Page:Southern Historical Society Papers volume 06.djvu/232

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Southern Historical Society Papers.

her surrender, I directed him to do the best he could, and when he could no longer damage the enemy, to do so.

It affords me much pleasure to state that the officers and men cheerfully fought their guns to the best of their abilities, and gave strong evidence, by their promptness in executing orders, of their willingness to continue the contest as long as they could stand to their guns, notwithstanding the fatigue they had undergone for several hours; and it was only because the circumstances were as represented by Captain Johnston that she was surrendered to the fleet about 10 A. M., painful as it was to do so. I seriously felt the want of experienced officers during the action; all were young and inexperienced, and many had but little familiarity with naval duties, having been appointed from civil life within the year. The reports of Commander Harrison of the Morgan, and Lieutenant-Commandant Bennett of the Gaines, you have, no doubt, received from these officers. I enclose the report of Fleet-Surgeon D. B. Conrad, to whom I am much indebted for his skill, promptness and attention to the wounded. By permission of Admiral Farragut, he accompanied the wounded of the Tennessee and Selma to this hospital, and is assisted by Assistant Surgeons Booth and Bowles, of the Selma and Tennessee, all under the charge of Fleet-Surgeon Palmer, of the United States navy, from whom we have received all the attention and consideration we could desire or expect. The crews and many officers of the Tennessee and Selma have been sent to New Orleans. Commander J. D. Johnston, Lieutenant-Commandant P. U. Murphy, Lieutenants W. L. Bradford and A. D. Wharton, Second Assistant-Engineer J. C. O'Connell and myself, are to be sent North. Master's-mates W. S. Forrest and R. M. Carter, who are with me acting as my aids, not having any midshipmen, are permitted to accompany me. They are valuable young officers, zealous in the discharge of their duties, and both have served in the army, where they received honorable wounds; their services are important to me. I am happy to inform you that my wound is improving, and I sincerely hope our exchange will be effected, and that I will soon again be on duty. Enclosed is a list of the officers of the Tennessee who were in action.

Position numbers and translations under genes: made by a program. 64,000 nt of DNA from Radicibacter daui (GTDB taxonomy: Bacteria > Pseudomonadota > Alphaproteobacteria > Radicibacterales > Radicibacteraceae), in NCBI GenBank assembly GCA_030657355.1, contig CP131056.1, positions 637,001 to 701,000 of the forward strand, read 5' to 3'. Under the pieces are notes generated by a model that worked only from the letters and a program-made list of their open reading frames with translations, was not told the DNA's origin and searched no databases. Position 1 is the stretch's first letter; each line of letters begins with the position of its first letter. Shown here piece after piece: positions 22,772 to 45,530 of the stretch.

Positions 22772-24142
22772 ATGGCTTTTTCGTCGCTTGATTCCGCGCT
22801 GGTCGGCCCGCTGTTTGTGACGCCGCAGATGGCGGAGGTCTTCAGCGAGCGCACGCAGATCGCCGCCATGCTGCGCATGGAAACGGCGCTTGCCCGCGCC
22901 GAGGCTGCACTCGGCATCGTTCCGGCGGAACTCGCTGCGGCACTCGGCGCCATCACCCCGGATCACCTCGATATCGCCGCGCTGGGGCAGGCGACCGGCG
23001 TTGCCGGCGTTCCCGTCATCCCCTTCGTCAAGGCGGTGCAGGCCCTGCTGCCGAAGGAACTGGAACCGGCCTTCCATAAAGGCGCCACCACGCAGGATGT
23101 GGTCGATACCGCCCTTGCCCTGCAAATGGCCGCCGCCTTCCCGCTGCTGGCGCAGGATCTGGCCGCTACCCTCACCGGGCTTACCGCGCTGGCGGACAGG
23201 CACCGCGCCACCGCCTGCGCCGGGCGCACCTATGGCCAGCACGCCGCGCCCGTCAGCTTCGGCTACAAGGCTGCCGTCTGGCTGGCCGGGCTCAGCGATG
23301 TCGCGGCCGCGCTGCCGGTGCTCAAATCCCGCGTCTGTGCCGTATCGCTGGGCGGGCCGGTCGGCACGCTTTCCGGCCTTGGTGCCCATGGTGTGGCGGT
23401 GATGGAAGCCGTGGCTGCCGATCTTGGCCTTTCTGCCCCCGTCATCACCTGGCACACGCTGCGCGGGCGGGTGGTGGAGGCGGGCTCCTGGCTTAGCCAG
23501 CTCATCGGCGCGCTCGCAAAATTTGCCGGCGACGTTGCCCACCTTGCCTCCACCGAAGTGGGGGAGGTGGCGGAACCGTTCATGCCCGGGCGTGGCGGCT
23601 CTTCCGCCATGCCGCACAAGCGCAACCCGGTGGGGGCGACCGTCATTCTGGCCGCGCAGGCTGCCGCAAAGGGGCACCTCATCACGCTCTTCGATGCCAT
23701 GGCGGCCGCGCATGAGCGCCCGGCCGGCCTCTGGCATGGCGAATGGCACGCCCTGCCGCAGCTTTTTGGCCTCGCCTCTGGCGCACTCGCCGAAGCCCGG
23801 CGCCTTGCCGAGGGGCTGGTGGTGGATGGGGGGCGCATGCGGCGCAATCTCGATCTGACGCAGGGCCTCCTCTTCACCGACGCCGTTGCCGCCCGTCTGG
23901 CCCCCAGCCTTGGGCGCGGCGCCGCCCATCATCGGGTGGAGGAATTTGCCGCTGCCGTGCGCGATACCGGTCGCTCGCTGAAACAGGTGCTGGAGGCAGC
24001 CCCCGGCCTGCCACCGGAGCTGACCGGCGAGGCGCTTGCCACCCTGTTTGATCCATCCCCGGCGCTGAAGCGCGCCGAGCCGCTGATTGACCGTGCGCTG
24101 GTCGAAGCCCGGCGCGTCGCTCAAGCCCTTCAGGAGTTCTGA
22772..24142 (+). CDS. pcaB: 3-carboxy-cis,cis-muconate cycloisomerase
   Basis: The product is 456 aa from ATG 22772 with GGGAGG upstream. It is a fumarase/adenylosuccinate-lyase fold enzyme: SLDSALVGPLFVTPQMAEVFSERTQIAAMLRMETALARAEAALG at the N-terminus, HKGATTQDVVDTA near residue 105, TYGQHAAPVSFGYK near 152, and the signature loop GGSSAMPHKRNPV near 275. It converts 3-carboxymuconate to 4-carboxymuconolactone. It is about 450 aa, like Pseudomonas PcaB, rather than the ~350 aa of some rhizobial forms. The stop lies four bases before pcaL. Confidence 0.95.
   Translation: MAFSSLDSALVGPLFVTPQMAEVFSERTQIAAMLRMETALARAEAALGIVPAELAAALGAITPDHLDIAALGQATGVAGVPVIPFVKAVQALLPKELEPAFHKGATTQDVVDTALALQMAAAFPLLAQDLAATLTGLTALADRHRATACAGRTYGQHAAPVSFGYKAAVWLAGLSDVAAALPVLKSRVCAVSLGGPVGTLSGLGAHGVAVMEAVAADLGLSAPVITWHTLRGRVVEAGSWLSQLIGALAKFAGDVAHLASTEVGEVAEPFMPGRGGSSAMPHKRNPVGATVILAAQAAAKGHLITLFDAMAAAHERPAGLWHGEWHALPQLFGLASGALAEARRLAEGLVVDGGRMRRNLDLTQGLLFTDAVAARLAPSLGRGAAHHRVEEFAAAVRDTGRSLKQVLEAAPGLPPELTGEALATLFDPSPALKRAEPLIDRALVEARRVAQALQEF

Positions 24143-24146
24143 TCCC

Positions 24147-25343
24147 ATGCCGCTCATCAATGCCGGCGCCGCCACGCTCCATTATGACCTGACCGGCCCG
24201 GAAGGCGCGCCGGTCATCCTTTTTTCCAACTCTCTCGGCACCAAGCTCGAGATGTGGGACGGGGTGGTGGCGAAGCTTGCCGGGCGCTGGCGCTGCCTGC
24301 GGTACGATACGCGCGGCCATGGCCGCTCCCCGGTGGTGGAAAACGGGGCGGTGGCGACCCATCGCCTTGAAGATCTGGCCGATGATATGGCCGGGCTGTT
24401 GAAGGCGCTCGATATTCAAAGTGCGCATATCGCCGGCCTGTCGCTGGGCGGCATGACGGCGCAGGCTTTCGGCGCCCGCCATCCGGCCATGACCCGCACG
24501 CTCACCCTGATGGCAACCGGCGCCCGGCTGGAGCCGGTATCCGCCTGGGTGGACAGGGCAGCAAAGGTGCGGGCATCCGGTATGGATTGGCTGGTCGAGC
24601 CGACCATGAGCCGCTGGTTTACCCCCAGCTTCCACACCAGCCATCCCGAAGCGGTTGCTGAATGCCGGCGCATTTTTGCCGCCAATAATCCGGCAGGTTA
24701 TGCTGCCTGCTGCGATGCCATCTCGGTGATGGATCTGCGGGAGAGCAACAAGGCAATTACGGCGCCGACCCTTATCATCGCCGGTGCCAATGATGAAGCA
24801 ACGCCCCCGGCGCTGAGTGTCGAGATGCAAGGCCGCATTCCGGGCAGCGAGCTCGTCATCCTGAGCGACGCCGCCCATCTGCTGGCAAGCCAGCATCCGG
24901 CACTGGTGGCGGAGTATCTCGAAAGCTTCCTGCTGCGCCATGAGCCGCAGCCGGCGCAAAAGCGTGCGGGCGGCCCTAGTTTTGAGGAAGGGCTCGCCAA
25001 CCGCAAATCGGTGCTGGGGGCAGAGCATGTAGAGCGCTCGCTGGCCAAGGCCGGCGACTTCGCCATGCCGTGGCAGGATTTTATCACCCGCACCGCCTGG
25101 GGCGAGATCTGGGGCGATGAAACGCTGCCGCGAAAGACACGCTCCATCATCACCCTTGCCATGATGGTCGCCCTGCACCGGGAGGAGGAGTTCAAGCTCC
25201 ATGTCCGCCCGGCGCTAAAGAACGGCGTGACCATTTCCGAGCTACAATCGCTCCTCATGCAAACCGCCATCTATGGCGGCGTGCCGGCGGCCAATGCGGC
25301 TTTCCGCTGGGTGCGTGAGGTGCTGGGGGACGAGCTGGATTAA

September 17—Since writing the above I have seen the report of Admiral Farragut, a portion of which is incorrect. Captain Johnston did not deliver my sword on board the Hartford. After the surrender of the Tennessee, Captain Giraud, the officer who was sent on board to take charge of her, said to me that he was